03 January 2013
We Know Its Name At Least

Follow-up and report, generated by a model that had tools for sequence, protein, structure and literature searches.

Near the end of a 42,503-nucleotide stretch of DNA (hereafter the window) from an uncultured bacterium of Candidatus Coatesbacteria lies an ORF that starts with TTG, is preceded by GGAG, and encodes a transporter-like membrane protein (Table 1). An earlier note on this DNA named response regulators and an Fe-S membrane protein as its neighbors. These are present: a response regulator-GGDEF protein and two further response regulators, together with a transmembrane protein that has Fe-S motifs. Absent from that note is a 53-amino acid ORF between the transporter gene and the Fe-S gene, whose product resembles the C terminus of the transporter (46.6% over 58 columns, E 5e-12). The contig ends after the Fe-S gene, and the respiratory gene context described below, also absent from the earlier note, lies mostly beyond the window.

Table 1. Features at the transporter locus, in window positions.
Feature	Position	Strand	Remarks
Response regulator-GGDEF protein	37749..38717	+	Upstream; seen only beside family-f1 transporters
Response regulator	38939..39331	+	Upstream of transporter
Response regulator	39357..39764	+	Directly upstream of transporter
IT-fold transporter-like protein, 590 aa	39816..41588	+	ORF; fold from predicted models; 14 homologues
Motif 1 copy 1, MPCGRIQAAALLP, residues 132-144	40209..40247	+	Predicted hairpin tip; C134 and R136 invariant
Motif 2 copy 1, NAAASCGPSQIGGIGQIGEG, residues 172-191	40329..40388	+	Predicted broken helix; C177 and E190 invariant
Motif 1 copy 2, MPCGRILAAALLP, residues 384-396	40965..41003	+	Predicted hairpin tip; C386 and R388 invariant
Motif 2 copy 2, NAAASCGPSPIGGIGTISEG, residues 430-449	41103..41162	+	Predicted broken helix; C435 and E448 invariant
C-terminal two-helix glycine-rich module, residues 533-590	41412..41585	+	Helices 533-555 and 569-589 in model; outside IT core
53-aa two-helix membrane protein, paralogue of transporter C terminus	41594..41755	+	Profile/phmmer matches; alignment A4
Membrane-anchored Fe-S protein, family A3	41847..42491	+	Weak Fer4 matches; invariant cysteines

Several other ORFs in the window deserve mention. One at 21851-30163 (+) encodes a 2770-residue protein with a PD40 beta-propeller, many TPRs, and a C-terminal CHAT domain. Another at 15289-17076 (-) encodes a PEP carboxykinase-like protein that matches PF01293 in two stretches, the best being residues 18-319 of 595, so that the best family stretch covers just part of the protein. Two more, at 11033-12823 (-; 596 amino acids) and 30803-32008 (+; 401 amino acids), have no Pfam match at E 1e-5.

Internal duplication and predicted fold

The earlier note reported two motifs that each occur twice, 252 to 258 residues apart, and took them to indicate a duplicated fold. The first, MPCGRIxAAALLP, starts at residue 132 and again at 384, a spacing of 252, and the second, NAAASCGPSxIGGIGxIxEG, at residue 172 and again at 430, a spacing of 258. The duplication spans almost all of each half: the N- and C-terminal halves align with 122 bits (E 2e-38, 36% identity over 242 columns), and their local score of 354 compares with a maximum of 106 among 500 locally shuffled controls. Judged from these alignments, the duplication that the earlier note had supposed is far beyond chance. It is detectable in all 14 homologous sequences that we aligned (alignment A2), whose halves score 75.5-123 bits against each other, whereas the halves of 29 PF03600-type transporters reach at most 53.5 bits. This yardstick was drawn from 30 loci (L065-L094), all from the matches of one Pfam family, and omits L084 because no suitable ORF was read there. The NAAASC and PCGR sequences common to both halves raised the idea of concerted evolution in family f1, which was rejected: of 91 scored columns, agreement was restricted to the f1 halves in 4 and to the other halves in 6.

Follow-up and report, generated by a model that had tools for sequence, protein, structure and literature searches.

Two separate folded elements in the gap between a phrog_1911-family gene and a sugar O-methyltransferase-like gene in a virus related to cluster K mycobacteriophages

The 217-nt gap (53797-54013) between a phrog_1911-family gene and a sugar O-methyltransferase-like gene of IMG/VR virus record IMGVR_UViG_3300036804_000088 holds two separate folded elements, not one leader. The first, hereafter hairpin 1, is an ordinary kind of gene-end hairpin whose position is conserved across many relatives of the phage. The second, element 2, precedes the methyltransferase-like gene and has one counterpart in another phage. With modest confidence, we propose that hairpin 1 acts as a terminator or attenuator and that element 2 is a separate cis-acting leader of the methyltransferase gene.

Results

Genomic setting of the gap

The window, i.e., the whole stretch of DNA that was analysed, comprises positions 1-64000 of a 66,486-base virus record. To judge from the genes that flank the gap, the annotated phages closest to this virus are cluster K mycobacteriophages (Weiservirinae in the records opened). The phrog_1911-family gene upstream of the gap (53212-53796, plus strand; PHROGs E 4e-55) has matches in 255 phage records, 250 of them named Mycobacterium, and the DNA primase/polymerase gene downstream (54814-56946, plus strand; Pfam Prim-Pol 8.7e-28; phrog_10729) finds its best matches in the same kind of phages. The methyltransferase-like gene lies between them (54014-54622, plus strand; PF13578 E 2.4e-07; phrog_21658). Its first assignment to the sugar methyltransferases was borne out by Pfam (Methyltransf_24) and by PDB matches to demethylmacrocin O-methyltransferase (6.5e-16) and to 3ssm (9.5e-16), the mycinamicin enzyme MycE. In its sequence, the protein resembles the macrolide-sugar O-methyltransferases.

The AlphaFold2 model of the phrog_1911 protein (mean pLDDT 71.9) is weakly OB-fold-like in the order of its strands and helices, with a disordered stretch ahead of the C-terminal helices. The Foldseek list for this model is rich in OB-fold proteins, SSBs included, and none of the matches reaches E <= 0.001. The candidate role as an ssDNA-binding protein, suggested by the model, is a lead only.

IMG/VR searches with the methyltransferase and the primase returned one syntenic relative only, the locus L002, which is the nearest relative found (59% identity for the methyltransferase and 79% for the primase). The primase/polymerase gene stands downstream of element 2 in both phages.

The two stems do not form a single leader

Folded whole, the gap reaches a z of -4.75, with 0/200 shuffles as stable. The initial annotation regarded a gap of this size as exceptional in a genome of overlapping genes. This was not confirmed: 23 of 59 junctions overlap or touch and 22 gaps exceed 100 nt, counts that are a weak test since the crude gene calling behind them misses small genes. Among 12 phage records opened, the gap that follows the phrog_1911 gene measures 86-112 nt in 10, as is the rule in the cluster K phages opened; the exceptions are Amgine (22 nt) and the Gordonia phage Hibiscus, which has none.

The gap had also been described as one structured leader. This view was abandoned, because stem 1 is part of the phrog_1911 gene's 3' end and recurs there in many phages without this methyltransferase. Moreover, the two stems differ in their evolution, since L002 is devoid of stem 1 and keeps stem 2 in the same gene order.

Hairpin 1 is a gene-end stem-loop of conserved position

Amphicoelias, by most accounts, would not qualify, either species, as a popular dinosaur, but people have heard the name. Perhaps not many people outside of paleontology circles, but those that have can at the very least say they have heard it if they know nothing else about it. You simply do not forget a name like Amphicoelias because it takes a while to figure out how to pronounce it. Beyond that, though, there are no cartoons or books or toys or stuffed animals, mentions in video games; basically all of the typical avenues of popular culture that get discussed here on Thursdays are non-existent for Amphicoelias, which is somewhat sad for either species, especially given that one of them has existing material and as such is not debated as to the validity of its existence. The popular images of Amphicoelias, not those of Knight and other earlier artists that depict large sauropods underwater with their necks craning out, have, for what it is worth, popularized tree loving sauropods in areas with at least some forest, but the area in which Amphicoelias was found is thought to have been mostly savannah-like and thus sparsely populated by trees. Even what we have of art, therefore, is not completely congruent with the facts. Some day, hopefully, we will have more remains and know more about this large and magnificent animal. Until then, we can only base our popular images of Amphicoelias off of what little information we have and the illustrations of previous artists.